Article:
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Working With Documents by By Diane Nichols at Bob's Home|
Dept. of Preservation and Conservation at Cornell
American Institute for Conservation of Historic and Artistic Works at Stanford.
Conservation OnLine at Stanford.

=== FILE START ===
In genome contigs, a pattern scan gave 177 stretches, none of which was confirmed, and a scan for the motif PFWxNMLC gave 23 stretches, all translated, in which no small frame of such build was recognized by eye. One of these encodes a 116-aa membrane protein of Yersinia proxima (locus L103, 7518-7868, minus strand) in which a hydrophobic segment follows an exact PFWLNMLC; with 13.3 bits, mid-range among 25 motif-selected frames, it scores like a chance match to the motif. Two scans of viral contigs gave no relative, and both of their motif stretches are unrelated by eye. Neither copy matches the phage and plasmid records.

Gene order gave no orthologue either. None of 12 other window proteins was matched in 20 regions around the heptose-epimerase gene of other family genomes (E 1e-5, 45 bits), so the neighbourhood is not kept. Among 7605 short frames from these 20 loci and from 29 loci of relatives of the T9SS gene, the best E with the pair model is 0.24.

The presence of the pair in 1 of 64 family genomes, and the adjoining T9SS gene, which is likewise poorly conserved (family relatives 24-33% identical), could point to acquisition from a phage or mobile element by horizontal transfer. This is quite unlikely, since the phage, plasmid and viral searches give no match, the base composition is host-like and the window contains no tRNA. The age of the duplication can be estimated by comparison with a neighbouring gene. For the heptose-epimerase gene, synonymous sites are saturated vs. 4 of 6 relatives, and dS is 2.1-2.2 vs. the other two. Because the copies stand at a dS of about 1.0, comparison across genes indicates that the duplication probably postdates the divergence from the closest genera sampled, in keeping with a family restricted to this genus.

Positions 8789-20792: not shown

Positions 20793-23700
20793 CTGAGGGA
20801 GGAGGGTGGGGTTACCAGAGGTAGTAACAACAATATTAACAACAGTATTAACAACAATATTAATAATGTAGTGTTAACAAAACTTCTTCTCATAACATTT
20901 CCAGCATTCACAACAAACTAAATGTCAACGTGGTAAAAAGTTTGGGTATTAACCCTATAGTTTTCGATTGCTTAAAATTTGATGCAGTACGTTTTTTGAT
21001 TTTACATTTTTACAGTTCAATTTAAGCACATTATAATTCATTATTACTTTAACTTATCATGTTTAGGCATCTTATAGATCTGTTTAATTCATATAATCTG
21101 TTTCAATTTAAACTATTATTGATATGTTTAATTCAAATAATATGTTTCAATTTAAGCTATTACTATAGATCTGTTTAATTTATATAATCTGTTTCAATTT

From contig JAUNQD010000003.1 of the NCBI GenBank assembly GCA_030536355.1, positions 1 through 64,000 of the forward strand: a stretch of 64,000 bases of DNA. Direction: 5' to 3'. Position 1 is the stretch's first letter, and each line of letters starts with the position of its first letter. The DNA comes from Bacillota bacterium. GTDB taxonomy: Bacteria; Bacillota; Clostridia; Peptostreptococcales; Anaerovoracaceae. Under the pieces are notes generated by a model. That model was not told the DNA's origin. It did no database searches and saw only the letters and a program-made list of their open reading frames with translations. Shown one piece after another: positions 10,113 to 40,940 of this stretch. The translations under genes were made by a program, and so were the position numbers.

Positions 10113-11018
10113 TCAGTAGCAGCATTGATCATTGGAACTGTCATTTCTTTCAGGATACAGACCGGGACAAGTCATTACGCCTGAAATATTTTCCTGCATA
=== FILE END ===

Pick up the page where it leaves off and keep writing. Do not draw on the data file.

Supplies: Gaylord Bros. (Library/Archival Supplies)Date: Tue, 24 Apr 2001 11:24:56 -0400 From: "Robert J. Milevski" <milevski@phoenix.Princeton.EDU> Subject: Re: Document Preservation There was a report out of the Canadian Conservation Institute, I believe, a few years ago or more, than investigated whether the exposure to the bright light of scanning or photocopying would harm the constituent materials of a paper object being filmed or scanned. If I recall correctly, the investigator found that the very short duration exposure to the intense light did no recordable or noticeable/visual damage to the object. This would assume that there were not intensely light sensitive components making up the object, such as some colored inks. I have searched on the internet and have not been able to locate a reference to this report for you to consult. Another site, http://palimpsest.stanford.edu/bytopic/imaging/, has an extensive list of reference sources regarding digitization that you can consult online that should provide you with enough information to reach your own conclusion. Also, the home page of this site, http://palimpsest.stanford.edu/, has a link to the organization AIC, American Institute for Conservation. AIC can provide you with the names of conservators in your area with whom you might call for information or consultation. Any names they provide you should not be construed as endorsement of any of them, however. AIC merely provides lists of members with particular conservation specialties; this list does not indicate capability, authority, certification, etc. Regards, Robert Milevski